Letters of Mass Construction

So You’ve Been Publicly Shamed by Jon Ronson

I think I am funny. I am fairly certain that a handful of people think I am funny. I know that I have occasionally thrown something out onto Twitter that has garnered a few laughs. I also know that I have had jokes fall like weighted anvils to the bottom of the social media stream to never be laughed at or seen again. At least that’s what I hope. The truth is far different from that. It doesn’t go anywhere. It just sits there and waits. If you’re lucky. If you’re unlucky and you said something particularly offensive to somebody or you become famous, those jokes and comments will rise up like a leviathan and swallow your life whole.

We live in a world that seems to enjoy the piling on of public shame. We revel in it. Some people seem to be waiting around just hoping for that good shame feast to pounce on. This happens again and again with little to no thought of the consequences. There are times when the public shaming seems to be well deserved. Someone’s caught plagiarizing or being misogynistic. Often times it is just a joke gone wrong. A few words misunderstood. Then the shame is piled on like we are in a coliseum and we are going to feed those people to the public lion. There are no breaks and lives are often destroyed in the process.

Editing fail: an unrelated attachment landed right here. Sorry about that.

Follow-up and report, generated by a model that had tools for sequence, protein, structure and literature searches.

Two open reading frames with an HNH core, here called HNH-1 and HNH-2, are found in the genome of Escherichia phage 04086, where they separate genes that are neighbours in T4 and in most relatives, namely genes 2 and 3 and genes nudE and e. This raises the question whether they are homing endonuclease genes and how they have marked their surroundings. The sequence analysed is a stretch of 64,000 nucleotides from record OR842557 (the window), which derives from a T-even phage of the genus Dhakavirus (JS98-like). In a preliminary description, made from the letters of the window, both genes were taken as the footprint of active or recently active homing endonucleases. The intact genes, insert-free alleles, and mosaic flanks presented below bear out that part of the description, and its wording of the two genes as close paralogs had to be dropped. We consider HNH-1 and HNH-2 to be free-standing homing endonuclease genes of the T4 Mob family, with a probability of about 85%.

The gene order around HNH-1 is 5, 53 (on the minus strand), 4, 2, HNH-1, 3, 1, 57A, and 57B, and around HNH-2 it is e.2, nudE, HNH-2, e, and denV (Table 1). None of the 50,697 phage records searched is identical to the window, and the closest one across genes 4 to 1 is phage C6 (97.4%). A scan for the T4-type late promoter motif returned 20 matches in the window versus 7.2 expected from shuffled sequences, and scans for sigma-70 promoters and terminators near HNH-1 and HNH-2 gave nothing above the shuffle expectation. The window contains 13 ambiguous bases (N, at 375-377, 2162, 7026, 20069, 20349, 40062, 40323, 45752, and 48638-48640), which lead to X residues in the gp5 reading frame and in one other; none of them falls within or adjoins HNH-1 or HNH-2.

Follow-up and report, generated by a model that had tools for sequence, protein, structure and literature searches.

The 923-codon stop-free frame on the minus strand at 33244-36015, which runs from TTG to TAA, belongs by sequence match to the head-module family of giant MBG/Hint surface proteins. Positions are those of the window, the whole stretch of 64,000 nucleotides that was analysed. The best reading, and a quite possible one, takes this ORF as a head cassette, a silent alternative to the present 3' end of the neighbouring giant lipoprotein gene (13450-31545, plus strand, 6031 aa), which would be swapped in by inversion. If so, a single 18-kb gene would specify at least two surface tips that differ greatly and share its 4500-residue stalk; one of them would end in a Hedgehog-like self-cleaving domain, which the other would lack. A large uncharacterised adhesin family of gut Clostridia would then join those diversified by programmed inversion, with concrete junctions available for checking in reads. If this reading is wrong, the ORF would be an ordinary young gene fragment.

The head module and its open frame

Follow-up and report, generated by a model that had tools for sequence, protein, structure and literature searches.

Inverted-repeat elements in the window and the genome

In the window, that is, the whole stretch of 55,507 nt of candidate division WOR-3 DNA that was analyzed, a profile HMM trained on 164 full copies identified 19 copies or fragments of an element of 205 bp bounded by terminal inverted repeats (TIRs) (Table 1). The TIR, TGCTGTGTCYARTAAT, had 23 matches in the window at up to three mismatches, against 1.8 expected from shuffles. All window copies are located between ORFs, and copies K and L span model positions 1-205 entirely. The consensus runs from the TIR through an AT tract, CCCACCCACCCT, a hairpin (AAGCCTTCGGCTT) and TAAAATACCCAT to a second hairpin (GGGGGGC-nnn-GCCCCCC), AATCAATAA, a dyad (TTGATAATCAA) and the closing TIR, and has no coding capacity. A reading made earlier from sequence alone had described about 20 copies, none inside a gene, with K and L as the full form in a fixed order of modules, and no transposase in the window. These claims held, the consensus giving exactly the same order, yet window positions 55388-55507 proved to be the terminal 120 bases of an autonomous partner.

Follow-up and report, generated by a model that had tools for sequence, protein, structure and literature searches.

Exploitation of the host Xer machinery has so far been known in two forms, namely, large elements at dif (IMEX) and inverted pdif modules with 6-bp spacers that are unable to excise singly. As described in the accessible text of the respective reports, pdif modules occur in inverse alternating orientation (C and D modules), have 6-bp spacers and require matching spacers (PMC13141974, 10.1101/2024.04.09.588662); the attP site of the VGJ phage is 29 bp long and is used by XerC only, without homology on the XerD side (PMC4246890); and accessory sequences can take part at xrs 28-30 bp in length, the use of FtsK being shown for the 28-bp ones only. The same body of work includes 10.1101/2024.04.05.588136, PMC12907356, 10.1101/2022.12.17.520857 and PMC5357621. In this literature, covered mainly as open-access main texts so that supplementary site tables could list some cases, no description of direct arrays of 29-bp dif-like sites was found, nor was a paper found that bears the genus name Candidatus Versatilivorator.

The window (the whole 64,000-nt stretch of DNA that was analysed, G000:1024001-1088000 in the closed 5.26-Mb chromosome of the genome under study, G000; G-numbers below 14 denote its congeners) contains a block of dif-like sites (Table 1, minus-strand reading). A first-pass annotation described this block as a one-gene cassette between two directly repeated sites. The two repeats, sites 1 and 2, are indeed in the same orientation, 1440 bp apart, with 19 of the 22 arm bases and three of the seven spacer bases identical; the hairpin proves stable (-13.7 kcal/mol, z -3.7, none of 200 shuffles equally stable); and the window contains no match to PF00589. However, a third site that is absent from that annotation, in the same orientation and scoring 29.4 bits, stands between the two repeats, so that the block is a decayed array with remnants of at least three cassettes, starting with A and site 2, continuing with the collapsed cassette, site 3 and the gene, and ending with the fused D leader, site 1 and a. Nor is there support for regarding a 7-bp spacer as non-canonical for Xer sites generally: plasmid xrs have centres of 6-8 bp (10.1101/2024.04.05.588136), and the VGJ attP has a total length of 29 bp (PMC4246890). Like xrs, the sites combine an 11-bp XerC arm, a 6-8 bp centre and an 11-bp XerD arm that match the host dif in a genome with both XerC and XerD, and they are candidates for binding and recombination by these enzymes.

This is the subject Jon Ronson tackles in his new book So You’ve Been Publicly Shamed. He starts off with a personal story of shaming someone who stole his identity as a joke or thought experiment. He writes about the glee he felt when he brings them down with the power of the internet. It leads him to a deeper thought. Did I go too far? Did the punishment actually fit the crime?

He sets off to interview and tell people’s stories of their public shaming. Some of them are heart breaking. Lives completely destroyed and torn apart because a joke sunk like a bomb. What’s worse is their inability to ever escape it because it sits out there like an anchor around their neck. Waiting to be discovered by the next person who Googles their name.

This was my favorite Jon Ronson book since Them and that is saying something because I love Ronson. I felt he told the stories fairly and evenly. I loved that he kept his own personal feelings about the people and public shaming right up front. This book became about self discovery as much as telling these people’s story. His understanding of the glee he took in several public pile ons keeps him moving forward.

As a person who puts a lot of things out into the social media world this hits close to home. It is not that hard to imagine myself at the other end of a particularly nasty lashing. It has made me examine my own behavior out on the web. To really think about the people I have blasted over the years. To examine if I want to actually be part of the shame culture that seems to exist in social media. There is no easy answer to this question but it is one well worth examining. This book will help start that journey.

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